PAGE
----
Stories from RuNet Echo from June, 2015
Network graphs reveal the associations between individual Twitter users in Russia and Ukraine and the hashtags they include in their tweets about presidents Putin and Poroshenko.
One of Russia's most popular satirical online communities has used the recent US Supreme Court ruling on same-sex marriage to troll St. Petersburg's most infamous homophobic politician.
In Russia, citizen activism has halted construction, for now, of a gigantic statue honoring 10th century ruler Saint Vladimir atop Moscow's Sparrow Hills.
Did Viktor Yanukovych really just happen to live in a private zoo owned by someone else? And what's the deal with those ostriches? Social media users explain.
The Russian government has blocked the Internet Archive, the San-Francisco-based website that provides the popular Wayback Machine, which allows users to view archived webpages.
An alleged Russian "troll factory" has agreed to compensate its former employee for unfair labor practices, but the former "troll" seeks to further expose the company and its inner workings.
A new website created by Russian advertising executives asks Russian users to imagine what search engines will look like in 2018—if the “right to be forgotten” bill becomes law.
A tiny Russian village in the Urals is getting new jobs and a reputation with foodies—thanks to a crowdfunding boost engineered by a social entrepreneur from Moscow.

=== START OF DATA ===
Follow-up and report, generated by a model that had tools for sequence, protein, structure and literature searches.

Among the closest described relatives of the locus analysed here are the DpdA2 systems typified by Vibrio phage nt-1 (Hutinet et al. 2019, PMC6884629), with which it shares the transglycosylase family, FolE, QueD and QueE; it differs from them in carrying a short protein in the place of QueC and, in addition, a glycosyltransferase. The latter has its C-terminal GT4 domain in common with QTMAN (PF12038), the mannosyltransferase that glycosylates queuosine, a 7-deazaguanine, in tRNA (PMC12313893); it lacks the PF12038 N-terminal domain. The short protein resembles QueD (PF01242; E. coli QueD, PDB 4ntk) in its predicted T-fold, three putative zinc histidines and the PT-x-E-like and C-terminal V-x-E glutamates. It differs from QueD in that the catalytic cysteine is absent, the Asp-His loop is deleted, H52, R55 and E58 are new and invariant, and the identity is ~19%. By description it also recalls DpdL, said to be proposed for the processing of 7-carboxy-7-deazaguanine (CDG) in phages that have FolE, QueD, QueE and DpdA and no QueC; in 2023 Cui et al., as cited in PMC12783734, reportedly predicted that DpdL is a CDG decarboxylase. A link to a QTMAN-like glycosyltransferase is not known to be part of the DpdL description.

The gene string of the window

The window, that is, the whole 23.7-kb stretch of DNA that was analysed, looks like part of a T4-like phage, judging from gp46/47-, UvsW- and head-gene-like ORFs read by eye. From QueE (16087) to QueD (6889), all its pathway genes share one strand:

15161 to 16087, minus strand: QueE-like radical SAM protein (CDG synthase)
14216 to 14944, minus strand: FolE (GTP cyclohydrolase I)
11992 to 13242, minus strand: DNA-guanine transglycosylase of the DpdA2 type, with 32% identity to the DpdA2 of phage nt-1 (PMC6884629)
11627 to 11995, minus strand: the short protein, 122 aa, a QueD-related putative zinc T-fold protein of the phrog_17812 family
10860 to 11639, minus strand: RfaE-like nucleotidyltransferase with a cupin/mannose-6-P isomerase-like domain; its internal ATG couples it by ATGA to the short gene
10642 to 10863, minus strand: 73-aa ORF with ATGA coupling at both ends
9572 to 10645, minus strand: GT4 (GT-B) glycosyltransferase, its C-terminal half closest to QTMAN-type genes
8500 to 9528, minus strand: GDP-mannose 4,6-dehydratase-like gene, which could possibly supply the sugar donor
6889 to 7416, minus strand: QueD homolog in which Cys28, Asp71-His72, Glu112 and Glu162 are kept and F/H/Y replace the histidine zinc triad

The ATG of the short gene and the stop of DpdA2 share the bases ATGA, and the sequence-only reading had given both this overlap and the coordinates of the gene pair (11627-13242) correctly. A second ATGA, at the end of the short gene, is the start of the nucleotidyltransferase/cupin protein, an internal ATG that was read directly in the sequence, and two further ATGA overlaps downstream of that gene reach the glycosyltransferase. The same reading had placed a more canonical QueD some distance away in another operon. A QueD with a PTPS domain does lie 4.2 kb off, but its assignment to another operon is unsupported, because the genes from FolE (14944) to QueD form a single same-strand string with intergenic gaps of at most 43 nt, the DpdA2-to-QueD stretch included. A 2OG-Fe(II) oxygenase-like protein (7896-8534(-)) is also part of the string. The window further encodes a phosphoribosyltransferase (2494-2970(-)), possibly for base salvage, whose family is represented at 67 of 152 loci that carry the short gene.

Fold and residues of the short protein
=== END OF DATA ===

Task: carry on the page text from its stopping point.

Last week, eight of the most prominent journalists working in Russia posed for a controversial group photo with the former leader of Donetsk's separatists. Here's what happened.
Russian officials bemoan the lack of control and access to user data in foreign text messaging apps as a threat to "national security."
A national park on the coast of Kamchatka has hired a popular online cartoonist to illustrate a series of public service announcements intended educate visitors about safety around bears.
A new law in the rebel eastern Ukraine state instituting a blacklist for webpages with content "prohibited in the republic" seems to be targeting Ukrainian media websites.
Kremlin officials and Yandex reportedly reached a compromise that will weaken the next draft of legislation designed to introduce to the RuNet a "right to be forgotten."
According to a new study, the Kremlin appears to have mastered several ways to fool Yandex.News into promoting government-planted stories to an audience that surpassed 23 million people in April.
Only one Russian lawmaker voted against the new draft law, with other members of parliament overwhelmingly supporting the "right to be forgotten" regulations for search engines.
In a new installment of our citizen-media data-analysis project, All The Presidents' Tweets, we use word clouds to visualize the Russian and Ukrainian discourse around Putin and Poroshenko on Twitter.
Lawmakers insist on adopting the new legislation that would require search engines in Russia to delete links to information and content online based on user requests.
Speculation that Samsung will bow to Russia’s new data-localization demands comes amid rumors that other prominent tech companies have agreed to move users' data to servers in Russia.
As firefighters battle a massive fuel depot fire near Kyiv, Ukrainians have been sharing photos of the disaster, conspiracy theories, and survival tips on social media.
In a statement posted to Change.org on June 8, Thomas Kristensen, Facebook’s director of policy for Eastern Europe and Russia, explained that the social network stands by its moderation policies